Former U.S. president Barack Obama says the biggest challenge for president-elect Joe Biden will be to bridge the gulf that exists in the country and bring together a vastly polarized populace.
“You’ve seen growing divisions, some of which are deeply rooted in questions of race and gender and date back to the founding of this country, some of which are a result of a changing economy,” Obama told CBC Radio’s The Current in a Canadian exclusive interview that will air on CBC Radio Monday morning.
Obama said Biden and vice-president-elect Kamala Harris would “set a different tone” from that of the Trump administration but will face a divided country, one where more than 73 million people voted for Trump and some still support the current president’s refusal to concede.
Obama served as the 44th president of the United States from 2008 until Trump’s upset victory in 2016. His new book, A Promised Land, published last Wednesday, charts his rise in politics up to the first two and a half years of his two-term presidency.
The book, the first of a two-volume memoir of his presidency, broke records, selling nearly 890,000 copies in the U.S. and Canada in its first 24 hours.
- Listen to the full interview on The Current on CBC Radio One, Monday at 8:37 a.m., online or on the CBC Listen app.
Obama told The Current‘s host, Matt Galloway, that healing divisions will be especially challenging for a Democratic president because the “splintering of media has created a big ecosystem of conservative media that is very hard to penetrate.”
“If that’s your source of what’s happening in the outside world, then you would think that Donald Trump has not only done great work as president, but you would think that he’s justified in taking the positions he’s taking,” Obama said.
He warned that it’s important for Democrats to try to understand why people voted for Trump, because it will be “hard to get big stuff done if the country is this polarised.”
“How we bridge that gap between those who have strongly opposed this president and those who still support him is going to be a big challenge,” he said.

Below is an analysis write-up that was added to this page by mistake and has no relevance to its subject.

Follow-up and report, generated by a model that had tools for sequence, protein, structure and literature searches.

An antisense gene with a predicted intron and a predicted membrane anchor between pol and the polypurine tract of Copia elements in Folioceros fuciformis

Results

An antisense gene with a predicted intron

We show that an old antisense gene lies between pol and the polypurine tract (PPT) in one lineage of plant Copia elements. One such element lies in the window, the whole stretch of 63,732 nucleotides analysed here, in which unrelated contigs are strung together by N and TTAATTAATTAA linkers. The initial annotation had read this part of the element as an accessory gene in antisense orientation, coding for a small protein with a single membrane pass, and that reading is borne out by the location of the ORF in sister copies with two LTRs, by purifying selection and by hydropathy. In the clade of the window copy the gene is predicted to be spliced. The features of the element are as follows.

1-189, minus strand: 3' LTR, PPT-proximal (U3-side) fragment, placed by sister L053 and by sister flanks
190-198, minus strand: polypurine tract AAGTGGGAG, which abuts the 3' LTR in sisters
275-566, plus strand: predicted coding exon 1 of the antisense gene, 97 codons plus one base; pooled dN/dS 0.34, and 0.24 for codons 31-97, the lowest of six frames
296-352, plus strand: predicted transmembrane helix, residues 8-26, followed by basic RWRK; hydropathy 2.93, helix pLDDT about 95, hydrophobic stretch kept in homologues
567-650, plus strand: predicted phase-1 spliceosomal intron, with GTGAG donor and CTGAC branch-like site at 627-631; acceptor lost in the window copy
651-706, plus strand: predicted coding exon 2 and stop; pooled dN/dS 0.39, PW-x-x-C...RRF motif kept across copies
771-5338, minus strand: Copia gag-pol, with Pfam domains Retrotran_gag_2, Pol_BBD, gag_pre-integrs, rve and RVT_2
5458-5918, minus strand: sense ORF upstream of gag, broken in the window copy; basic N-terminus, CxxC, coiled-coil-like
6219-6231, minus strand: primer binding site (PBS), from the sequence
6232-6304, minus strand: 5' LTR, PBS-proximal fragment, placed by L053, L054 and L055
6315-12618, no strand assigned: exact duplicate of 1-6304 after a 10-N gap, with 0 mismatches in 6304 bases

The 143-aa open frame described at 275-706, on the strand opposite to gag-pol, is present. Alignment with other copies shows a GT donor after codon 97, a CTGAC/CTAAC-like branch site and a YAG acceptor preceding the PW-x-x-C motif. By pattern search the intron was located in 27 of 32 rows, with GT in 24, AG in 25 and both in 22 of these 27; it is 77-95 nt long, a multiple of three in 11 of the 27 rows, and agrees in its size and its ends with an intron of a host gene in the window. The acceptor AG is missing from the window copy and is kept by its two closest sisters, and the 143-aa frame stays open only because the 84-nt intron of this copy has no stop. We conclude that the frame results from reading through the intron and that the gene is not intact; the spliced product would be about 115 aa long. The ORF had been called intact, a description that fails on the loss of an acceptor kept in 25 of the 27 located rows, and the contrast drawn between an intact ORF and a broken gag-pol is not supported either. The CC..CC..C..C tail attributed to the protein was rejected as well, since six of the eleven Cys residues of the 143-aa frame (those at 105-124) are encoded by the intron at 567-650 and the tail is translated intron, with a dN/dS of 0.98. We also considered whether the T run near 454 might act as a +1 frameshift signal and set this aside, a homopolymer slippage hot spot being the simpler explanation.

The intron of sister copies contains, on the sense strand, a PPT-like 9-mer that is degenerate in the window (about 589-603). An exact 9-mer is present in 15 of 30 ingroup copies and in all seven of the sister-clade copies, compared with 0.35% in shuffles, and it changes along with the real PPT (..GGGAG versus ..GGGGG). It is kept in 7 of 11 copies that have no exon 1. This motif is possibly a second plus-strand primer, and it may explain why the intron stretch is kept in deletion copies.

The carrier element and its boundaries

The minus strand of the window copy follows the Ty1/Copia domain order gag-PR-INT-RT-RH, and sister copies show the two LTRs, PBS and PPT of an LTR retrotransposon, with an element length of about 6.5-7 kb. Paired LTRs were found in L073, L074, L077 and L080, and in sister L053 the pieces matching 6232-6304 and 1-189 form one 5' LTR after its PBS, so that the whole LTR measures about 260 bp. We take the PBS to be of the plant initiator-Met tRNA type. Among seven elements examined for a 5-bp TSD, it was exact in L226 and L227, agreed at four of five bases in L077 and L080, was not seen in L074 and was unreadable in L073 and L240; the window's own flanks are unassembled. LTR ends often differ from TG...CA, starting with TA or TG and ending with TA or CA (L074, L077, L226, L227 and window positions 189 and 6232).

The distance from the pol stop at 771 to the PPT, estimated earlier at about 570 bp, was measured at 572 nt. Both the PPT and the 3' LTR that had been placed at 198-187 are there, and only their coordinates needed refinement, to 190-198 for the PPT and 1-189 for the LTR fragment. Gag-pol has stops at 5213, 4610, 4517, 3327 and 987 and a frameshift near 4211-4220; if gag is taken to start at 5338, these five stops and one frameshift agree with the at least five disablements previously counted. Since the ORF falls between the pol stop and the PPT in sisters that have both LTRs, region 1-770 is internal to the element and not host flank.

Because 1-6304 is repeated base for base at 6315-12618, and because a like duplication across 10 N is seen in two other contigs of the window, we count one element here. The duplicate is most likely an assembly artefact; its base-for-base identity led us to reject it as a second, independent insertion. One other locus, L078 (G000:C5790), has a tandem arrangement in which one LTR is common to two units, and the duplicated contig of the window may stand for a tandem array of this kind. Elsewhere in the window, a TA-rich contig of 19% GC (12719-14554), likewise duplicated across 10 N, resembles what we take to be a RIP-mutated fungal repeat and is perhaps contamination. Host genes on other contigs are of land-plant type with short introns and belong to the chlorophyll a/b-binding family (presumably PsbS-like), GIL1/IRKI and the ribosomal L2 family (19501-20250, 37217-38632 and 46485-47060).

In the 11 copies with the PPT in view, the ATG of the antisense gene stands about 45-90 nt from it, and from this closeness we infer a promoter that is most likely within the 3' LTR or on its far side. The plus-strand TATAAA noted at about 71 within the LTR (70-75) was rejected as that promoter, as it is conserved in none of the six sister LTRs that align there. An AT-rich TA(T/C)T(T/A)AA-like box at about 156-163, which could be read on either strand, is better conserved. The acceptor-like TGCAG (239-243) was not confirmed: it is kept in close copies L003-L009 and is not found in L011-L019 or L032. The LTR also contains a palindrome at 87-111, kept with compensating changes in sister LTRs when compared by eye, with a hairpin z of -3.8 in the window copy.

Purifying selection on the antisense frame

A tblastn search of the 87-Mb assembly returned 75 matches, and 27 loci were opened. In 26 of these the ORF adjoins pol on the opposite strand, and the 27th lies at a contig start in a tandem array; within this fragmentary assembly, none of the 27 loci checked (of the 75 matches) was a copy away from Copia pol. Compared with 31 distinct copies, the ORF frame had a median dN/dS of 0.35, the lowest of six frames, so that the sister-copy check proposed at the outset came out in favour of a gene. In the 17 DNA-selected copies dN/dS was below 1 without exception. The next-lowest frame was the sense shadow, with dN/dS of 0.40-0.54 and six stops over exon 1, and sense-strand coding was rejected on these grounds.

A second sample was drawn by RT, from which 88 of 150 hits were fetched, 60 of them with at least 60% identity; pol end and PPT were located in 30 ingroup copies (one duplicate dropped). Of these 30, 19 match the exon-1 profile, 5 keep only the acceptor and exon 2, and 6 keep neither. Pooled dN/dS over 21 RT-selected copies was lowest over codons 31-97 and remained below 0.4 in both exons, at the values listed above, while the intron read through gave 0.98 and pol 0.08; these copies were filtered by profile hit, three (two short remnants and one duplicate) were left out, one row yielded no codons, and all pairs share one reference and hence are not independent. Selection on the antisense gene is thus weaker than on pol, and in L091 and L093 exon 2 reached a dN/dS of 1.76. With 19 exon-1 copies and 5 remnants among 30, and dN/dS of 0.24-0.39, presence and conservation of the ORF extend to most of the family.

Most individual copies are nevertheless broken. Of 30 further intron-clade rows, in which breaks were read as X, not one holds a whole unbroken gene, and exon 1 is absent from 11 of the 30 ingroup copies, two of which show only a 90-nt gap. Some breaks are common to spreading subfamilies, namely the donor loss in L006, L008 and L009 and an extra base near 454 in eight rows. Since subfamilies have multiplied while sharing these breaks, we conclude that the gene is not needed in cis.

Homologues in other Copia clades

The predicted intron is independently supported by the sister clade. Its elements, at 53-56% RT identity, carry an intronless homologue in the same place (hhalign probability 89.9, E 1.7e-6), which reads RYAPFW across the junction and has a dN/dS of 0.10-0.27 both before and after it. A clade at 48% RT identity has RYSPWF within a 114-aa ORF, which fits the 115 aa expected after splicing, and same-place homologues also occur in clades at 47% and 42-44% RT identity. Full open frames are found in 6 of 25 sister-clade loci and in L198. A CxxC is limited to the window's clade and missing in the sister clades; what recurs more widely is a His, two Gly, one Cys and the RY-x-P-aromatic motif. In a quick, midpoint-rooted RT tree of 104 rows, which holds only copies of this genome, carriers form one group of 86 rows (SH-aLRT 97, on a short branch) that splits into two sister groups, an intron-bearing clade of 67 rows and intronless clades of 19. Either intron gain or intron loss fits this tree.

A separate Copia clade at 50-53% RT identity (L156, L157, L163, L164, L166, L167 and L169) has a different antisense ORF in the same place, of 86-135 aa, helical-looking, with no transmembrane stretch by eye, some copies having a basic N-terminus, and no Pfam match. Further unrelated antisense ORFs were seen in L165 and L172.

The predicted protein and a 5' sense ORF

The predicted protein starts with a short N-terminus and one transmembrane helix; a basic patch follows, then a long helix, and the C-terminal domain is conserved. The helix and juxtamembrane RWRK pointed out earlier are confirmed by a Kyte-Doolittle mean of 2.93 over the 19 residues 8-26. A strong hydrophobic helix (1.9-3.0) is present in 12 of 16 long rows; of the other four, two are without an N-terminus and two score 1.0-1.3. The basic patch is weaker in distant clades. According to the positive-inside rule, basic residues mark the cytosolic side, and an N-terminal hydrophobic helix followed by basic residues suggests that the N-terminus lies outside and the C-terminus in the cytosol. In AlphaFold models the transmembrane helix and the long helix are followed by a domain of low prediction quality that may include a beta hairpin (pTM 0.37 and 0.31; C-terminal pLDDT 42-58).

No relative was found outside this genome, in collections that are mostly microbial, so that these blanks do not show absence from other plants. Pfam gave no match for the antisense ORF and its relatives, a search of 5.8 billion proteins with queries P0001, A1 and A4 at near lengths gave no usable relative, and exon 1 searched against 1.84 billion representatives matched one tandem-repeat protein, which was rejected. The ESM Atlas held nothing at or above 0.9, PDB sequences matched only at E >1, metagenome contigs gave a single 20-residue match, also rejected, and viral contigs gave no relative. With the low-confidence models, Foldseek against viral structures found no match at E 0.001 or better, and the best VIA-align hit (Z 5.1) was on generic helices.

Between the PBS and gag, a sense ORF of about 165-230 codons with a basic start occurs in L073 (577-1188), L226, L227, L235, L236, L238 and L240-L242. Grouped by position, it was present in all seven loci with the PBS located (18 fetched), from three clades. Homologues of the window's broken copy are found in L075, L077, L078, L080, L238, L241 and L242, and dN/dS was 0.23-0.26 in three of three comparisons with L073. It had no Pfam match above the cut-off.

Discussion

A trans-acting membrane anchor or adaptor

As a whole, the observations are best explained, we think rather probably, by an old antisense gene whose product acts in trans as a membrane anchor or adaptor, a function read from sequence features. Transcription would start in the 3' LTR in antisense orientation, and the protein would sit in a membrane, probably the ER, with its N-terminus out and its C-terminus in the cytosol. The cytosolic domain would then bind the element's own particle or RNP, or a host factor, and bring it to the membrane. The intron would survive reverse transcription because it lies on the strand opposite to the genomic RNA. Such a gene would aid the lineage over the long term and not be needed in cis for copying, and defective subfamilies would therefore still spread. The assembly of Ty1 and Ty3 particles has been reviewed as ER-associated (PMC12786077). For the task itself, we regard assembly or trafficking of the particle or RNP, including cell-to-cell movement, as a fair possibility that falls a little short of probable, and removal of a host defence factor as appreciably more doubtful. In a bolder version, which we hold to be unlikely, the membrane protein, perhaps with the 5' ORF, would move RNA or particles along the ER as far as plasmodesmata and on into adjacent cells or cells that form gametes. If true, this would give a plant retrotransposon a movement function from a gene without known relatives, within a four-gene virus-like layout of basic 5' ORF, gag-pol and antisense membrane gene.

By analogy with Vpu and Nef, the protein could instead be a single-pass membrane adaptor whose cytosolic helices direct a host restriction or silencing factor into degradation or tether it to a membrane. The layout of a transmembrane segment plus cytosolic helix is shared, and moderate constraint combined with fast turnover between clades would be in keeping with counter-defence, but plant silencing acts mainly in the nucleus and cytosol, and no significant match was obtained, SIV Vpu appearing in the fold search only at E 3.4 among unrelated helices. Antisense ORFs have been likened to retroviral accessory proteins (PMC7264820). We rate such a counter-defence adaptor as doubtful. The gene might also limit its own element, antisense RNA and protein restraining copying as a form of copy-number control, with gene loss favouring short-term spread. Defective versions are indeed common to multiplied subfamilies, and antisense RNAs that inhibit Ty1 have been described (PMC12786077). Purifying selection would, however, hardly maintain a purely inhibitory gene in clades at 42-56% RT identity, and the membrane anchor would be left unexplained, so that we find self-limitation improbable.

“There are all kinds of ways in which a determined opposition can block everything, not just some things. So, I think Joe is going to have to try to arrive at areas of potential compromise.”
WATCH | Biden must tap into ‘areas of potential compromise’:
Failure to lead
When asked whether he, as the country’s first Black president, saw his successor, Donald Trump, as racist, Obama said what’s important is that Trump was “more than happy to fan racist sentiments” during his four years in office. Whether or not he personally believed that rhetoric doesn’t matter, he said.
“I’m not interested in what’s in his heart. I’m interested in what he does,” Obama said.
“Whether he’s cynically riding that wave to achieve his ends or whether it taps into something he actually believes, here’s what I can say for certain: that he does not consider it his job to fight against racist sentiments.
“That, to me, is a failure of any leader.”
He said during Trump’s time in office, rhetoric that had been relegated to the fringes of the Republican Party moved “front and centre.”
“This fear of the other, this suggestion that somehow there’s real Americans and then there are people who, I guess, are fake Americans,” he said.
“And somehow, the fake Americans tend to look like me.”
WATCH | Trump ‘more than happy to fan racist sentiments’: Obama
Advice from the sidelines
Four years after he left office, Obama said he misses the camaraderie, the team work and “mental exercise of figuring out hard policy problems” — but not the pomp of the presidency.
Someone once asked him if he would serve a third term if he could.
“I wouldn’t have wanted to be out front,” he said.
“But if somebody had said, you can sit in your basement in your sweats, and there’s somebody else who’s playing the president with a microphone in his or her ear, and you can just kind of give suggestions and policy — then I might have enjoyed doing that.”
WATCH | What Obama misses about the presidency: